The *edge isoperimetric constant* of a graph G=(V,E) is a measure of its rate of growth. It is defined by

ι_{e}(G) = inf_{F⊂V finite} |Γ_{e}(F)|/|F|

where Γ

_{e}(F) is the number of

edges {f,g}∈E with f∈F and g∉F.

- The square d-dimensional grid
**Z**^{d}
- ι
_{e}(**Z**^{d})=0: If we take F_{m}={(x_{1},...,x_{d}): |x_{i}|≤m} then there are 2*d*m^{d-1} edges leaving the cube F_{m}, but its volume is m^{d}. So ∀m, ι_{e}(**Z**^{d}) ≤ |Γ_{e}(F_{m})| / |F_{m}| = 2*d*m^{d-1} / m^{d} = 2*d/m -> 0.
- The infinite binary tree B
- ι
_{e}(B)=1: If B_{k} is the first k levels of B, then there are 2^{k-1} vertices at the last level of B_{k}, so 2^{k} vertices leave B_{k}. Since there are B_{k}=2^{k}-1, ι_{e}(B)≤1.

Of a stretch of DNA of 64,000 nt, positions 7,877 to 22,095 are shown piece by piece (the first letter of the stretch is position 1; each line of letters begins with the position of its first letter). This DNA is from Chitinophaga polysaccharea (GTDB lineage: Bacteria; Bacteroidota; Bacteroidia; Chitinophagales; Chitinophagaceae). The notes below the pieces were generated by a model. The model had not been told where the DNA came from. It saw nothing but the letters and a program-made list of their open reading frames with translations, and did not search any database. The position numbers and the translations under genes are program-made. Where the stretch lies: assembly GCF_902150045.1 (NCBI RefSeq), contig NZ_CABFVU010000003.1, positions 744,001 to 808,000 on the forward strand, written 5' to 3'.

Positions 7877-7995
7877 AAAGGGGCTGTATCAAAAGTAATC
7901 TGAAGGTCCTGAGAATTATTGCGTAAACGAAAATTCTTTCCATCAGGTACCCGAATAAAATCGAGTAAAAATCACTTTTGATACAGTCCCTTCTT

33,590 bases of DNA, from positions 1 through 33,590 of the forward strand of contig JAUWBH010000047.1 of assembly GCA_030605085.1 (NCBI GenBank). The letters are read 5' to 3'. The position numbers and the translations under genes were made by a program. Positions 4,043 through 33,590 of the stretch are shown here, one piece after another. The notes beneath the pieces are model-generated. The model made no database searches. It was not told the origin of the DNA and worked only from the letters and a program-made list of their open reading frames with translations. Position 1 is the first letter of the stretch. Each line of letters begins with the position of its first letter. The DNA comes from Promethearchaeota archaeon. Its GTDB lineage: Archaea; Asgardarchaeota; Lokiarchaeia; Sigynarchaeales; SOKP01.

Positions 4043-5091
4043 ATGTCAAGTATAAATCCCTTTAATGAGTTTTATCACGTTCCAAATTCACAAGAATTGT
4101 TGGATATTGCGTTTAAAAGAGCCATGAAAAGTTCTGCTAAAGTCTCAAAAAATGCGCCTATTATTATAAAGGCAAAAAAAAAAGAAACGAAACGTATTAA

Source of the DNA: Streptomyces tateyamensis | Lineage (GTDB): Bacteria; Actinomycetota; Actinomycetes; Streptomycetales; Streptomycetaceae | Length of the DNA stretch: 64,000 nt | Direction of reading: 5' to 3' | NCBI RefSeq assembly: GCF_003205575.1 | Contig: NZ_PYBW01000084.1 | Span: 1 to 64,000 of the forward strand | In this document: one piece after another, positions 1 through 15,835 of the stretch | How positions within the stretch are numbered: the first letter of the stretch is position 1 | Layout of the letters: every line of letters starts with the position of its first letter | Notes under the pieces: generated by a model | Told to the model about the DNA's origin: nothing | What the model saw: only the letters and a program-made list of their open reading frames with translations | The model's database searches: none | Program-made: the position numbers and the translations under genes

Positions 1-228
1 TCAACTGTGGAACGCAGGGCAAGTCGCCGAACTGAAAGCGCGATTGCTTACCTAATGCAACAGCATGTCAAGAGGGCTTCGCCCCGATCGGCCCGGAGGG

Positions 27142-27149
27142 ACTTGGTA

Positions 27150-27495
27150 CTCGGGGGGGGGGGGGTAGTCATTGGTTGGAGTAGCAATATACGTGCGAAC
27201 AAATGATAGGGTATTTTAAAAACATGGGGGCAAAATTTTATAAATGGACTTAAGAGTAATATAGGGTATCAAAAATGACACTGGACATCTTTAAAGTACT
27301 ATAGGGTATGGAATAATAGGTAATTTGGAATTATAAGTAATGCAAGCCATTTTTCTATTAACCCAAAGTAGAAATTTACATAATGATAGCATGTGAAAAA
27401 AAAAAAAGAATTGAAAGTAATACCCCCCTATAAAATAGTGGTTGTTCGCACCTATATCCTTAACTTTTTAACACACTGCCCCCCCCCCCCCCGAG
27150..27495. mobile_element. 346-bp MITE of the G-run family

On the other hand, if F is *any* finite subset of the vertices of B, we must show at least |F| edges leave F. Indeed, suppose F is connected and has more than 1 vertex. F itself is a tree; we will show it has at least as many edges leaving it as it has vertices. Every vertex of F has degree 1 or 2 or 3. If it has degree 1, it contributes 2 edges which leave it. If it has degree 2 and is not the root, it contributes one edge which leaves it; this has no effect on the balance, so we can just "elide" it from F, replacing it by an edge, with no effect on the balance of edges leaving F - vertices in F. If it has degree 3 or is the root, it's just one vertex which connects to twice as many subtrees. So everything balances, and |Γ_{e}(F)|≥|F|. If F consists of more than one connected component, we just apply this argument to each component separately.

A graph with zero isoperimetric constant is called *amenable*. Otherwise, it's nonamenable.